# ACT Science Reasoning: Strategy

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• 0:06 Science Strategy
• 0:40 Saving Time
• 3:22 Managing Tables
• 5:02 Lesson Summary

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Lesson Transcript
Instructor: Elizabeth Foster

Elizabeth has been involved with tutoring since high school and has a B.A. in Classics.

Looking for some tips to help you ace the ACT Science test? Here you'll find helpful hints to get past the two biggest issues students commonly have: time and tables.

## Science Strategy

To understand how to approach the ACT Science test, first you have to understand what makes the test hard. It's not because you have to memorize a lot of facts, and it's not because you have to be a science whiz. The two big challenges of the ACT Science section are time and tables.

The test moves very fast, and a lot of the information is presented in graphic formats that are designed to be confusing. That's what makes it so hard. But with some smart test-taking skills, you can beat both of those challenges at their own game.

## Saving Time

Let's start with the first problem: time. On the ACT Science test, you have to read around five to seven passages and answer 40 questions about them in just 35 minutes. That's a lot of work in not a lot of time.

Fortunately, you can save some time by avoiding a very common mistake: don't get caught up on the passages. The passages are long and dense. If you wanted to completely understand each passage, you'd probably have to take ten minutes to read it.

But you don't have ten minutes, and what's more, you don't need it. You don't need to completely understand each passage. You just need to know enough to answer the questions - that's what you get points for, not reading the passages. Your goal is to spend minimal time on the passages and move on to the questions as fast as possible. If you need anything later, you can always go back and find it.

Instead of poring over each passage trying to understand everything it says, skim each passage and go straight for the good stuff.

Read the first sentence of every paragraph. Read all the first sentences, to get a quick feel for what the topic of the passage is. Is it talking about animals, weather, seeds in test tubes, outer space? You don't really have to understand what's going on; just get a feel for the topic.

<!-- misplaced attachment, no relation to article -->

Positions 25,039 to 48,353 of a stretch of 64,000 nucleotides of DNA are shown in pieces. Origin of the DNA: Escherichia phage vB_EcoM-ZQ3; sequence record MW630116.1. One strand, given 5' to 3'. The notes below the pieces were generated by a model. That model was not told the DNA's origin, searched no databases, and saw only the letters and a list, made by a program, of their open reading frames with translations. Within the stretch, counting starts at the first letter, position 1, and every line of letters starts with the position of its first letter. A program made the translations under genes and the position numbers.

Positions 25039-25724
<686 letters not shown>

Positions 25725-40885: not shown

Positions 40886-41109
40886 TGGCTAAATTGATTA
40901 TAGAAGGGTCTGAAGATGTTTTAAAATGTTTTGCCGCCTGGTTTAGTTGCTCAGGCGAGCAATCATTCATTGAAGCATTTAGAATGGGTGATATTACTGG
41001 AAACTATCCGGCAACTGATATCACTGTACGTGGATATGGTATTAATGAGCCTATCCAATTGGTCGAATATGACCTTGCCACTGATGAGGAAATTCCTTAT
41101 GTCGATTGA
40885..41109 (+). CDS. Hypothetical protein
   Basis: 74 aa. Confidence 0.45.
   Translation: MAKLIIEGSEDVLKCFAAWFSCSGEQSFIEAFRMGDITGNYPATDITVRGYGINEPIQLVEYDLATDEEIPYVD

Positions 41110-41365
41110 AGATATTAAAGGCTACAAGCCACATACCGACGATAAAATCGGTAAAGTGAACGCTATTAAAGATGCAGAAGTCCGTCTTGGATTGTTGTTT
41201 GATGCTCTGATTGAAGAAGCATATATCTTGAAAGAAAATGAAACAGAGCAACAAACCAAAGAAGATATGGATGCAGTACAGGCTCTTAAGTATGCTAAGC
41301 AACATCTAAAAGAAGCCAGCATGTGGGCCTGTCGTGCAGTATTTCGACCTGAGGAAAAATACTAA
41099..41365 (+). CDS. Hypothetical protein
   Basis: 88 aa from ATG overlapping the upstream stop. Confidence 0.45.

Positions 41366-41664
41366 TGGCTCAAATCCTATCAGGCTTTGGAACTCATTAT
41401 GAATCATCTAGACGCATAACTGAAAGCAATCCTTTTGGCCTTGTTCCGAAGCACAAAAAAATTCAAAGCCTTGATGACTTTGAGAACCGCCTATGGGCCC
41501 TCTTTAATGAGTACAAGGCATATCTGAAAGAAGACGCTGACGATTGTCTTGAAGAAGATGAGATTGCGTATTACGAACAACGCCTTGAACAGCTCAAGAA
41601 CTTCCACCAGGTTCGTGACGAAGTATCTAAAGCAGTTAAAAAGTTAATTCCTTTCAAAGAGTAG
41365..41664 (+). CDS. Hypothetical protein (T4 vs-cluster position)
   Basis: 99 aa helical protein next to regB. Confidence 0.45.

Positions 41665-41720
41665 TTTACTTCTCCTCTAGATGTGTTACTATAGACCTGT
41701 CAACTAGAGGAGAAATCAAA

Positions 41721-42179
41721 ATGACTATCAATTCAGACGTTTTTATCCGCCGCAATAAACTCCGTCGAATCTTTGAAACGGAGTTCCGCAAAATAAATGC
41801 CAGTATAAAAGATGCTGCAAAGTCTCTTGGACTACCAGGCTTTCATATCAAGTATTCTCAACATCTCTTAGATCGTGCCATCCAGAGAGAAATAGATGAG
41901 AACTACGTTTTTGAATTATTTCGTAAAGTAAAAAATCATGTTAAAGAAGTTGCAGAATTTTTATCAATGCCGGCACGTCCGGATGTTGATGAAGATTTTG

Focus on the titles and units of graphs or charts. Don't waste time looking carefully at the individual data points; just get an idea of what each graph or chart is measuring.

In the example below, you can see that the chart is measuring four different species - dogs, cats, horses and goats. There's information about the total number of animals, number of males and females and breeding age. That's all you need to know for now.

The goal here is not to remember the information. The goal is just to learn what information is where, so you can look it up later if you need it. For example, if you had a question on the number of male cats, you would know where to go to look for that information: it's in the chart. Then you could go to the chart and get only the information you need. This is much more time-efficient than trying to memorize the whole chart at the beginning.

Another time-saving trick is to hop around from question to question. The questions on each passage aren't in order of difficulty; easy and hard questions are all mixed together. If you get a question that's too difficult, just go on to the rest of the questions in that passage. You'll probably find something easier, and easier means quicker, which means more points for you.

On the other hand, don't skip from passage to passage. This just wastes a lot of time in rereading the passages over and over. Do as well as you can with each passage and then move on.

## Managing Tables

Now let's talk about the other huge obstacle that students face on the ACT Science test: how on earth do you interpret all the tables, graphs, charts and diagrams?

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